Goal: A versatile basic maternity skirt I can wear throughout my pregnancy
Reality: A skirt perfect for a pregnant schoolgirl (with added ass-bunching) which through knashing of teeth and vomit became a garment acceptable for office wear
So, this skirt took ages to make (a month, on and off). Much, much longer than it really should have considering that I have made this pattern twice before. There were times when I wanted to throw it out the window but the fact that I really needed it kept me going.
I used view A of the Sewaholic Crescent skirt plus Tabatha Tweedie's excellent maternity alteration. When Tabatha included her Crescent skirt in her end of year round up, I knew immediately that it would be perfect for me. Unfortunately the project wasn't as straightforward as I hoped - nothing to do with Tabatha's excellent alteration I should add, but rather a series of unfortunate events.
I had intended to make a black, lined version but things didn't work out that way. As you will see, my skirt is grey. And straight. With a split at the back. Want to know why? Read on...
Here's a summary of the making process:
- Bought fabric in Mandors, although neither of the people I spoke to had heard of double knit or interlock jersey but I managed to find something that seemed right. Unfortunately the colour choice was limited and there was no black so I chose grey.
- In looking for a fabric to match the grey double knit (used for the waistband) I settled on a grey poly which was a close colour match. I paired this with a striped grey and pink lining. I did wonder why I bought this since I don't like or wear pink, but it goes well with the fabric.
- Cut the pieces are started to assemble. This was a little tricky as I was using the pattern instructions plus Tabatha's tutorial AND Tasia's guide to adding a lining. All that multi-tasking was trying to my poor little brain, but I got there in the end
- Tried it on when zip inserted. Oh dear or dear oh dear. Although this was the less gathered version of the skirt, the gathers looked bloody horrendous. The front looked really weird but the back of the skirt was outrageously unflattering, with huge sticky-out bunchy gathers like some kind of bustle.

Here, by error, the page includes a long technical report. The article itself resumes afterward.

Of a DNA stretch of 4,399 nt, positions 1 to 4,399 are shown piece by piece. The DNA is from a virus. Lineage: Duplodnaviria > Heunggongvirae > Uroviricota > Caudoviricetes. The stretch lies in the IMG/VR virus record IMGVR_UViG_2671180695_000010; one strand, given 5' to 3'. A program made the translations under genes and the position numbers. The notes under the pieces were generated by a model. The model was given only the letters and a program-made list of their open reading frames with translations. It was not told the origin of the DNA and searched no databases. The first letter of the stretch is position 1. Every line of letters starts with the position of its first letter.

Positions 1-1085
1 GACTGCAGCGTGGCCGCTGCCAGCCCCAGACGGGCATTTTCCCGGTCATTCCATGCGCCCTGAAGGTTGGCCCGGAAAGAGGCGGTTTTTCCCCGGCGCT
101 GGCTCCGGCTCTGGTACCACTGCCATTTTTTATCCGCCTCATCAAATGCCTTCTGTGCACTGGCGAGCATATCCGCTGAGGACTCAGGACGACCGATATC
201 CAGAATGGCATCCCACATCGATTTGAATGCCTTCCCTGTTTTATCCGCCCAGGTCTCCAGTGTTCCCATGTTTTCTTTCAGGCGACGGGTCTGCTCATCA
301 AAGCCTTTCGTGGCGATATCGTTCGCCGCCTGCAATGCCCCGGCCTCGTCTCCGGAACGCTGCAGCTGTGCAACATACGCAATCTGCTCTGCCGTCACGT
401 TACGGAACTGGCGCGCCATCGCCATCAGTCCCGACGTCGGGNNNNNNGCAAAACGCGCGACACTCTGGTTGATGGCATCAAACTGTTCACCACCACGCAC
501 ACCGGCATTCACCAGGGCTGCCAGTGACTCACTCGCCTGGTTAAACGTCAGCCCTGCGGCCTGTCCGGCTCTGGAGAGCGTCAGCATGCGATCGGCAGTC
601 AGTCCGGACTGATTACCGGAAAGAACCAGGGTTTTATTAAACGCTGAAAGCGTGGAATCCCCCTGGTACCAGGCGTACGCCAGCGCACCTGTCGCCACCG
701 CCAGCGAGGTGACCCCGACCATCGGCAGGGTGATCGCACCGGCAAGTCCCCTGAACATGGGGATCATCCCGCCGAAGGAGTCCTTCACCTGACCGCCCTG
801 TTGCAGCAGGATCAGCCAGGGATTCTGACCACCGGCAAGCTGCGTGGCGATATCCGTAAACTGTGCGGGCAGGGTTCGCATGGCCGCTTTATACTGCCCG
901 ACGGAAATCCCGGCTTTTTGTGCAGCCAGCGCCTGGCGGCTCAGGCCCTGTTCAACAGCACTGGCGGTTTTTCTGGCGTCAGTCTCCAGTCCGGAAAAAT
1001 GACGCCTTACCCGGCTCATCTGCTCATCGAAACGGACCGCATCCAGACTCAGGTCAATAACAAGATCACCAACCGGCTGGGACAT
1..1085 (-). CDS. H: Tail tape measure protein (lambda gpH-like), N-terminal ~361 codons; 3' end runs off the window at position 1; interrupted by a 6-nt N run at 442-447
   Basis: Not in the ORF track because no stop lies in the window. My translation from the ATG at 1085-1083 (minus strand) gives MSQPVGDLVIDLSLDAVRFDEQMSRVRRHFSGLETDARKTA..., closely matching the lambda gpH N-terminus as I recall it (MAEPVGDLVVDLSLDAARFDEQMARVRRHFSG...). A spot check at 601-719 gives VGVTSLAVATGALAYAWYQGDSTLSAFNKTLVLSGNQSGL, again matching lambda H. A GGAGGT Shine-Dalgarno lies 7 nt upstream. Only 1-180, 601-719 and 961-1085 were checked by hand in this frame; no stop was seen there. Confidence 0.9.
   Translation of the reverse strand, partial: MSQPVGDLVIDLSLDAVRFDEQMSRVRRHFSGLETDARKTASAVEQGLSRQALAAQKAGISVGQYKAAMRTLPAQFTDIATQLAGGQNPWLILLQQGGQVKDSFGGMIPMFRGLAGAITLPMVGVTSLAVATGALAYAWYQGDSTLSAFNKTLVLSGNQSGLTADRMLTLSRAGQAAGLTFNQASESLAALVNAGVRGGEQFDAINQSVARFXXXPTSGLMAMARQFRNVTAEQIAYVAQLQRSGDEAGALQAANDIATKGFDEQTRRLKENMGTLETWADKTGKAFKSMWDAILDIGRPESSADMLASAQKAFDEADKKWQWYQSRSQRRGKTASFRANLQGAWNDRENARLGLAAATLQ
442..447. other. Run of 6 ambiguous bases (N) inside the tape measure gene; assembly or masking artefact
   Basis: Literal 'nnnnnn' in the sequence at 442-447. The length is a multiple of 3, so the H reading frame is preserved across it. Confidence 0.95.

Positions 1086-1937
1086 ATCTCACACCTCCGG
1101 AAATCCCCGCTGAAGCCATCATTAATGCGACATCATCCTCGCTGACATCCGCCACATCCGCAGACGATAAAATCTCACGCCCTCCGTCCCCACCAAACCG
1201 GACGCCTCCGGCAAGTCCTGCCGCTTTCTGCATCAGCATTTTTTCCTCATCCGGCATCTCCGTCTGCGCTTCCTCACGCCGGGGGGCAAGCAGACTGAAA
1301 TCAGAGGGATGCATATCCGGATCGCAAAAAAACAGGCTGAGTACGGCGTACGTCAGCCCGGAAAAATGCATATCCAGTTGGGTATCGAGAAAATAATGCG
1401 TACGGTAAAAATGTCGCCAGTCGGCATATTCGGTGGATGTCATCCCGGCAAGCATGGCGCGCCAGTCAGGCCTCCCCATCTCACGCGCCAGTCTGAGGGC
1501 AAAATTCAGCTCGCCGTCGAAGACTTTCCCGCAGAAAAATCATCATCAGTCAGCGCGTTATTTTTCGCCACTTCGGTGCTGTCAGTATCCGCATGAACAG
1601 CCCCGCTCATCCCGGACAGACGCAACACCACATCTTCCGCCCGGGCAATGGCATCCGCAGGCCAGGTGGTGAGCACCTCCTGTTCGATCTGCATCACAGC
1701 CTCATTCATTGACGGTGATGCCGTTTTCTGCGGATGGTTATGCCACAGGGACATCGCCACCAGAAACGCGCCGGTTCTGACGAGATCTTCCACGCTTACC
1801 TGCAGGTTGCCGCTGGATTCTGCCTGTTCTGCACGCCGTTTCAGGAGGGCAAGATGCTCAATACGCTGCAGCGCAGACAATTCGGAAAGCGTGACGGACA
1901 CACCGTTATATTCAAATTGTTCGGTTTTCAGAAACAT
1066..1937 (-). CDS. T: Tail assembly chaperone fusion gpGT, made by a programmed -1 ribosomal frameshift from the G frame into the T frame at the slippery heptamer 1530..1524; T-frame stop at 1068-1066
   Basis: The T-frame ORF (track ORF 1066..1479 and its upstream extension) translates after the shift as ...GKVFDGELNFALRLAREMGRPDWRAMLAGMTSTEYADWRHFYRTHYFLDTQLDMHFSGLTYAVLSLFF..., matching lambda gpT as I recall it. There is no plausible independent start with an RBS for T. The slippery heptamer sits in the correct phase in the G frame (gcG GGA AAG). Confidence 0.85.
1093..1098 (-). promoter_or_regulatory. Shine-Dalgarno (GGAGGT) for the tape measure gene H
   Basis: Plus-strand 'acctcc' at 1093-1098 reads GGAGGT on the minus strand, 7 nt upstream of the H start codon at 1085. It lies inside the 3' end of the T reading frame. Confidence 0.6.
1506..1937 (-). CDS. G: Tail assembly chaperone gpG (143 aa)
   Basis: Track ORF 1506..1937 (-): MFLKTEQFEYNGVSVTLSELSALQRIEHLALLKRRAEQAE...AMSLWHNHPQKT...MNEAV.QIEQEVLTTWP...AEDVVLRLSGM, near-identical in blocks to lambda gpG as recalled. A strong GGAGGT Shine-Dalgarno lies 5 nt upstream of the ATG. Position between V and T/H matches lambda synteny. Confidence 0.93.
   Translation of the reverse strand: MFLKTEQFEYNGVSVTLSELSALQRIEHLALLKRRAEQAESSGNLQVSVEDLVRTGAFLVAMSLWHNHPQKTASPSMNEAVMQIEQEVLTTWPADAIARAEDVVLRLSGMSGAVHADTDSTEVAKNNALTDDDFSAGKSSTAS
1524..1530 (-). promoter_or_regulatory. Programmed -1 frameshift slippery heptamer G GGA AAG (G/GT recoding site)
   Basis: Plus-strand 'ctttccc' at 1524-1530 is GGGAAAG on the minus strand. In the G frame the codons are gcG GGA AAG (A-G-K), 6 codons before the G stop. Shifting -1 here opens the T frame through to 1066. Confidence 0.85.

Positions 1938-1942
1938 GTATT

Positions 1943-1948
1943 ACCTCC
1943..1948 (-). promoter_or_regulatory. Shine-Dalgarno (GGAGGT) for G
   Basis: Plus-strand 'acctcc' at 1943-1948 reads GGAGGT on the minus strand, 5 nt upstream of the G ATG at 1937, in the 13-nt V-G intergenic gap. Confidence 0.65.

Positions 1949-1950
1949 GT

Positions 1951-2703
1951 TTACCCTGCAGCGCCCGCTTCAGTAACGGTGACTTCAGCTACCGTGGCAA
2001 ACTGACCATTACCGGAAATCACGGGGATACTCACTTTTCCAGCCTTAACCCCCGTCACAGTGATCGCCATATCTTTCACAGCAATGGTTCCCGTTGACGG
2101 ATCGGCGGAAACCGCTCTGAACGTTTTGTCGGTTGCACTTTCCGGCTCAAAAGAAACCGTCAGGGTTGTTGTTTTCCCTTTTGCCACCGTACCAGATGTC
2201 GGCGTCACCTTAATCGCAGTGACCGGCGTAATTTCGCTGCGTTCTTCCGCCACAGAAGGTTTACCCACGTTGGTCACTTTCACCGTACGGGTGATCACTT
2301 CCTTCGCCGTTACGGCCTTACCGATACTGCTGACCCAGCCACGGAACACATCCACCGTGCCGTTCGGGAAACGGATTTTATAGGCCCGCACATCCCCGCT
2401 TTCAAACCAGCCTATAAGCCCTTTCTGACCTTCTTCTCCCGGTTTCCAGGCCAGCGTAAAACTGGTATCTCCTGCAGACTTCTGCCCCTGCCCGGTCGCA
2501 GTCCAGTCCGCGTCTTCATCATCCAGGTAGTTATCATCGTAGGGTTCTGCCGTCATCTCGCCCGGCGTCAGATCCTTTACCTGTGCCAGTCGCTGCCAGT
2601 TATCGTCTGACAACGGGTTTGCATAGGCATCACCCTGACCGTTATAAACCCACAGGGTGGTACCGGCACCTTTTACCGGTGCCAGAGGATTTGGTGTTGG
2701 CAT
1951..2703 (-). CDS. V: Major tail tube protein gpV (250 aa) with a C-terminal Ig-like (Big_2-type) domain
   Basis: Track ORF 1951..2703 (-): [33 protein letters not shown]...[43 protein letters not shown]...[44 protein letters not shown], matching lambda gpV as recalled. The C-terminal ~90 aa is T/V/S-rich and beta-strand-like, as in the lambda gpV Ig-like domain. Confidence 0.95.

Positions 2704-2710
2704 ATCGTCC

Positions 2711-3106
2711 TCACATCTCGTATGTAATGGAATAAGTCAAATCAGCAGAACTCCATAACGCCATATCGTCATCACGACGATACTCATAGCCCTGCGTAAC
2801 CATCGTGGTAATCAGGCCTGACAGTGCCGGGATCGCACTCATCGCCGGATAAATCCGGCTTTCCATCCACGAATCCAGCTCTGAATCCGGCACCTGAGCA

- At this point I realised the fabric was basically the same material used for making school skirts and trousers. Meaning I was essentially making a skirt perfect for a pregnant schoolgirl. This wasn't the look I had intended.
- In the end I had to take in several inches from the sides to reduce the width plus unpick the back waistband and zip to remove fabric from the gathers. This was frustrating, fiddly and took ages to get right.
- I added a split in the back to ensure I could move without splitting it
- In a final act of indignity, the cat vomited on the skirt just prior to hemming the lining.
How do I feel about the final skirt?
Despite its numerous imperfections (bit on the side waistband that won't sit flat, zip that should be neater, my lazy machine-sewn hems, lining that sits a bit weirdly, pockets that ended up different sizes of small due to alterations) I know I will wear this skirt a lot and I am hoping it will last to well into my pregnancy until I am utterly sick of the sight of it. I mean, yes, it could have been much better made but I have already worn it a couple of times per week for about 4 weeks.
I definitely took a few short cuts in the finishing but honestly, I just wanted the skirt finished so I could move on to another project and actually start wearing it. The finished skirt is actually closer to the popular Simplicity 2451, which I have also made, and I think the waistband alteration would work just as well for that pattern.
I'm actually pretty happy with the resulting skirt - massive thanks to Tabatha for kindly sharing the alteration which is a great idea.
What have I learned?
When a project is majorly trying your patience, keep at it by sewing a little a day. I got plenty of crocheting done alongside this project since that was a reward after struggling with the skirt.
Consider fabric how 'springy' your fabric is. I don't sew with poly fabrics very often but thought this fabric would work fine weight wise plus it had a little drape. I'd made this version in a heavier denim before so didn't foresee a problem with the gathers.
When I was explaining about the problems with the bunchy gathering to my mum on the phone, she asked if the fabric was springy, and being a poly it is. Now, I know nothing about fabric technology, but I think the type of fabric I used does not suit gathers and essentially being 'squashed' into shape because the man-made fibres just won't comply in the same way as natural fibres which are more pliable. The poly fabric is a light to medium weight and should technically work absolutely perfectly for this skirt.
What do you think? Am I talking rubbish here? I can't see any other reason why this fabric would not work for this pattern when I know it is not the pattern (or me!) at fault, having made this skirt twice before. Or if you have any suggestions as to why the gathers wouldn't work, I'd love to know!
Now it's done I am so excited about the prospect of moving on to making something new - watch this space...